Those impressive peaks behind launch.

I head across the valley for a better start strategy and hang back for the second start. Somehow I find just the lift I need and just get to cloudbase as the start ticks over. Most of the field is off to the east, and I get a wicked run for the first 15 miles.

I'm in the lead, and there's reasonable clouds ahead, so I press on when I get to Laragne. A dozen pilots are turning just behind me. I plummet. I get WAY down in the valley before I'm able to find something to fight in and regain a footing. I've made a costly error. Not going to win a day in the first 20miles. I should have hung back and used other pilots. Lesson learned.

It takes me a long time to work my way back up to the clouds in the next three thermals. I'm angry and determined to regain ground. The climbs over the peaks are working and I'm flying 60+mph between thermals. We hit a couple of VERY strong climbs to cloud base and I run into Jonny 4km before the 4th turnpoint. I'm 8km behind.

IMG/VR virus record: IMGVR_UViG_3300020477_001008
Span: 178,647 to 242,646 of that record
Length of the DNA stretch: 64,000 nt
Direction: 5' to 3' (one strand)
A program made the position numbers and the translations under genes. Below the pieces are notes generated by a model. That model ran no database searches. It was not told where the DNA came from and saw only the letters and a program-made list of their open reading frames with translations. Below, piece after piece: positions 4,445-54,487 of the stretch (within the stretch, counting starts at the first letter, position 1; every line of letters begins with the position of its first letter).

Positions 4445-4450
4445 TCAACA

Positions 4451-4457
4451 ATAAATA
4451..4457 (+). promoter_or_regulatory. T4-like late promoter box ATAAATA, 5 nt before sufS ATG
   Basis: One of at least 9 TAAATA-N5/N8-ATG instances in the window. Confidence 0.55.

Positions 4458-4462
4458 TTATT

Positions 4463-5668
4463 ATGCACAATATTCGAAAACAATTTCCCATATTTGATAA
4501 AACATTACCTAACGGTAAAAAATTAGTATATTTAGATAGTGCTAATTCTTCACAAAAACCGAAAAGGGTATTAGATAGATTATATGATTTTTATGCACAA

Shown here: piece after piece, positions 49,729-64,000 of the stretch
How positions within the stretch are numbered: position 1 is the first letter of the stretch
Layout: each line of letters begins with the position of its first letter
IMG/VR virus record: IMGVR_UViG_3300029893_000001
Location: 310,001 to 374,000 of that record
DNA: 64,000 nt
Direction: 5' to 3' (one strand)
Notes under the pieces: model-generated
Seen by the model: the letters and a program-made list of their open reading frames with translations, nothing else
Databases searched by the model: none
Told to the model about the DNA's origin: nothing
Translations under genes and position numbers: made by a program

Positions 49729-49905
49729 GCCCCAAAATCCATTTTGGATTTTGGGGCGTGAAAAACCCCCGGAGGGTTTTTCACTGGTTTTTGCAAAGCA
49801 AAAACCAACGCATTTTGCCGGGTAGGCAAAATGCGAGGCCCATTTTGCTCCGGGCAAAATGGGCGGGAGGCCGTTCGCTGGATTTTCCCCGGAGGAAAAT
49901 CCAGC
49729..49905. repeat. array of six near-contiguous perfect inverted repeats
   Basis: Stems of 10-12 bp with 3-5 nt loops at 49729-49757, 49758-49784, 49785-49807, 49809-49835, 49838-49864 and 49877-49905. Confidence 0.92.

A little Ruhmer.

All the clouds are working over the peaks and I'm dolphin flying over 9000ft. Davis gets on the radio to say we've got glide through the last two turnpoints to goal from our height. I press on. There's an unknown pilot in my path and for fun, I skim a meter off his top surface. Speed up so he can't catch me to repay the favor. :)

After the next turnpoint, we run into blue conditions and a 25km headwind. Pilots are plummeting and landing. As I near the last turnpoint, I see a pilot land downwind!!! They do a quarter spin on flare and plop down. It's Shapiro! I didn't know, but he'd landed on a steep slope. Pilots were falling out of the sky in the mountain rotor.

Hmm... insult to injury at the end of our day.

I made two turns over Jeff in lift to make sure he was moving and to ensure I had goal. Flew in and landed in the strong, turbulent conditions. They stopped the task 14 minutes later. With the scoring system, they go 15 minutes back from the stopped time and I missed getting scored in goal by less than a minute. Terrible news for me. I went from 13th to 20something on the day and lost over 200 points. It penalized me HUGE. Pilots were irate as the weather wasn't that bad. A terrible call.

Airtime: 3:40. Flights: 1. Miles:71.